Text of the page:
Lindsay Vickery – Clarinet; Jameson Feakes – Electric Guitar; Catherine Ashley – Harp; Stuart James – Electronics
Program: “Small Waves Raised By The Evening” (2016) and “The Semantics Of Redaction” (2015) by Lindsay Vickery; “Evelyn” (2016) by Josten Myburgh; “Marking Time” (2016) by Cat Hope; “Ukiyo” (2016) by Catherine Ashley; “Snowden: Eyes In The Sky” (2016) by Sam Gillies.
The Tuesday Lunchtime Concerts present audiences with classical performances by students, staff or visiting artists. On this occasion, The GreyWing Trio showcased their approach to scoring, performance techniques and use of technology in works that also engaged with political commentary. It is a testament to their bold attitude that four out of six works were premiers by local composers.
“Small Waves Raised By The Evening” by Lindsay Vickery used field recording as the starting point for its structure and realisation; the sound of frogs, crickets and wind are heard throughout, while the Trio plays instrumental textures that mimic or add to the nocturnal soundscape. The music does away with background and foreground distinctions; instead, gestures are passed between the recorded and the acoustic medium to the point of integration. This piece also exemplifies the group’s preference for egalitarian interaction rather than soloistic interplay.
“Evelyn” by Josten Myburgh is a piece for solo guitar in which a series of ambiguous chords are followed by equally ambiguous pauses, the sinuous phrasing and use of repetition give this work a questioning quality. Myburgh is influenced by a child-like attitude to stage performance, giving some of his recent compositions a gently off-kilter flow.
“Semantics of Redaction” written by Lindsay Vickery for solo performer and pre-recorded voice has had many incarnations in terms of content and instrumentation, but perhaps found its most rewarding version in the hands of harpist Catherine Ashley. In this work, a voice recording is loaded into a scoreplayer that renders performance information in real time, thus the voice of activist Rosalie Kunoth-Monks is heard talking about indigenous’ people connection to the land while Ashley played in fierce counterpoint. The human and instrumental components have equal weight, becoming so intertwined as to affect the listener’s perception of the words, their meaning and the sounds that accompany them. While effective as a solo work with electronics, it would be interesting to see how it can be adapted for a Trio setting.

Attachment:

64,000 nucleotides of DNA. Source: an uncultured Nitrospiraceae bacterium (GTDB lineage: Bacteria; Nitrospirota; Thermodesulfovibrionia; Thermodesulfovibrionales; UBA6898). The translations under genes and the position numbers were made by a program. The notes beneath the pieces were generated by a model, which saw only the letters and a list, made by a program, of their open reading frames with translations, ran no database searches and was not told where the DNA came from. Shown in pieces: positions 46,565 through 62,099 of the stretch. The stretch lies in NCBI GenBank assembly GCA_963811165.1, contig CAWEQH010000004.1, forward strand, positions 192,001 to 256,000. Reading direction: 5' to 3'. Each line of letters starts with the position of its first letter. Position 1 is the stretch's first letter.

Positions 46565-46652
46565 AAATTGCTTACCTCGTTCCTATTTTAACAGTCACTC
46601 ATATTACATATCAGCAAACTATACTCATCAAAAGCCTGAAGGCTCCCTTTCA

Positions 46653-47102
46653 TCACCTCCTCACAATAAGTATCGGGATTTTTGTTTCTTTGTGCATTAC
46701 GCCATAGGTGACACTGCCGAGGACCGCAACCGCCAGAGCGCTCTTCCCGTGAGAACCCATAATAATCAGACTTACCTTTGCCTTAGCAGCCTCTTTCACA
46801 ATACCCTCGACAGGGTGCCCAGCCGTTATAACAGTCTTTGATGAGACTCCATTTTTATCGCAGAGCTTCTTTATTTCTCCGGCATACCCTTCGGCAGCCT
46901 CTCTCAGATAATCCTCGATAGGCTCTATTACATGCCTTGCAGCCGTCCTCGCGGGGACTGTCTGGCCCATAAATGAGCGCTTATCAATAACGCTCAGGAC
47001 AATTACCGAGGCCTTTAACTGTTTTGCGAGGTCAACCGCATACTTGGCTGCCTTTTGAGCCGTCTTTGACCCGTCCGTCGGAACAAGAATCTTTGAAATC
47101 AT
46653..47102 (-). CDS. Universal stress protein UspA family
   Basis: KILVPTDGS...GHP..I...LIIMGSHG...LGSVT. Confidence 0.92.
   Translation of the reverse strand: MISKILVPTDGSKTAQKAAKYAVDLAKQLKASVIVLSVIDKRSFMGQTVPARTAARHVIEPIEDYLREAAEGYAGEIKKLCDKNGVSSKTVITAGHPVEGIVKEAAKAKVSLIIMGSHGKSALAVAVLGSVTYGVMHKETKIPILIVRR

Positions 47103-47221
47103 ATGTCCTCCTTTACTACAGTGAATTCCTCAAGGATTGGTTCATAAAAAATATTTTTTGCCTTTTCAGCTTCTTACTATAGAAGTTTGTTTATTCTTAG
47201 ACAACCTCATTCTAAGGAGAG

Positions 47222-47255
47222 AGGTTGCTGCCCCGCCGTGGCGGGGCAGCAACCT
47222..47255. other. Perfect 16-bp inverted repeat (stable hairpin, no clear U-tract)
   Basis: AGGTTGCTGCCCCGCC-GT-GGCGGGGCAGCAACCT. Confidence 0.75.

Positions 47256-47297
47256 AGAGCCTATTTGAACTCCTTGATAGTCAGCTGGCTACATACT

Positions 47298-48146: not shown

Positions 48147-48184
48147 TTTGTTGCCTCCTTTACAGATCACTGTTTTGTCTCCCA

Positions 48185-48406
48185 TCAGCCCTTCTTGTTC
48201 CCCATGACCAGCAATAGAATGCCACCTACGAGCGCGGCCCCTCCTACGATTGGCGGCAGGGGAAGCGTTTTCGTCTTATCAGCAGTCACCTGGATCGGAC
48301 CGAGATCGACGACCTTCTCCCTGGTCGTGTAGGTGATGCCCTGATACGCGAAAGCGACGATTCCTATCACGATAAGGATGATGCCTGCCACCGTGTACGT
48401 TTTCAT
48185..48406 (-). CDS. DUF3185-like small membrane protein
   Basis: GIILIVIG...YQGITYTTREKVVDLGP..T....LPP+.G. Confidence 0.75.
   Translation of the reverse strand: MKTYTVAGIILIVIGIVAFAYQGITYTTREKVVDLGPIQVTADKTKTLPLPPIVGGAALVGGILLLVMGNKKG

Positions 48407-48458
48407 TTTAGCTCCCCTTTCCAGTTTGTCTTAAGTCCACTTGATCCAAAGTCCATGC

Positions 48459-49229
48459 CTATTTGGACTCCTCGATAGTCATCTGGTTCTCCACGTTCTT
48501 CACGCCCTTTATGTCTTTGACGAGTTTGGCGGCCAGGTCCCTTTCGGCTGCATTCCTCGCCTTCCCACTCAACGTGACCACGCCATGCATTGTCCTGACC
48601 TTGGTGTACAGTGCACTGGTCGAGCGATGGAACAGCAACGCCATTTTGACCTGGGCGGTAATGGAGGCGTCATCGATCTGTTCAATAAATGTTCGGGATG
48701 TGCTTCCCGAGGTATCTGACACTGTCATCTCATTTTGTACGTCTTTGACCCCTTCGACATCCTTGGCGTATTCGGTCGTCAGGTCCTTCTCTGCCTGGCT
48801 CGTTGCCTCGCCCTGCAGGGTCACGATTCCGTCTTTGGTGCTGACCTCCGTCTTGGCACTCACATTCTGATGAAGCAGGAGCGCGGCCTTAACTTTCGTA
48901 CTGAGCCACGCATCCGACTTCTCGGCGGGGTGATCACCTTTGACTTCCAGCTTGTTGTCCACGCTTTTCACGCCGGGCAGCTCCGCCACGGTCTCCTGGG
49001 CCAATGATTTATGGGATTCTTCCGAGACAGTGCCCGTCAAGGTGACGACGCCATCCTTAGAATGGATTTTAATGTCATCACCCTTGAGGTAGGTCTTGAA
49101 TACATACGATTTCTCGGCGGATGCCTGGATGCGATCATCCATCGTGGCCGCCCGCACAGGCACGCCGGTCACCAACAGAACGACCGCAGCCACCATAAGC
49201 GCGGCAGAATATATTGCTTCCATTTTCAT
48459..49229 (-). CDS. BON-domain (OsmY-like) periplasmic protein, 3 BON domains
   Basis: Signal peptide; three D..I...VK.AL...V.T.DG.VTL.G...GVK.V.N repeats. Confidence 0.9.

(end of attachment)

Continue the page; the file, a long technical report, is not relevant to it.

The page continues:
The following work in the program was a premier by the Decibel Ensemble director Cat Hope. “Marking Time” makes reference to the detention of Asylum Seekers by the Australian Government. An austere piece in which steady lines are varied in pitch by small amounts, it reminded me of her recent work with the music of Giacinto Scelsi and Elianne Radigue, two composers whose style have the same static qualities. “Marking Time” had a spatial character to it, allowing audiences to dwell on sounds that bring to mind confinement and hopelessness.
Catherine Ashley’s “Ukiyo” was the least referential piece of the concert. Using loops and modulation effects to expand the sound of the harp, her improvisational yet self-assured style was a welcomed contrast to the program. Catherine’s energy and ritualistic manner around the instrument are integral to her performance.
The closing piece of the concert was “Snowden: Eyes in the Sky” by Sam Gillies. It belongs to a series of compositions exploring the concept of mass surveillance. The piece has as its starting point the spectral analysis of web browser data and cache files opened as audio. This information is then manipulated to create structure and content, resulting in sounds shaped by online behavioural data. Just like in “Small Waves Raised By The Evening”, Gillies’ piece uses hard data to create sound gestures and compositional structures that are mediated by live performers. In contrast to the chamber-like character of the other works in the program, “Snowden” has a sweeping scope perhaps too big to be apprehended on first listen. The piece showcased the unique instrumentation of the trio, bringing a broad range of textures against the ghostly electronic background.
The Grey Wing Trio presented music with a wide set of concerns, drawing from other disciplines and the current socio-political context. But aside from the conceptual component of the pieces, their knack for ensemble colour and the expressive vocabulary in their playing made for an engaging and alert listening experience.
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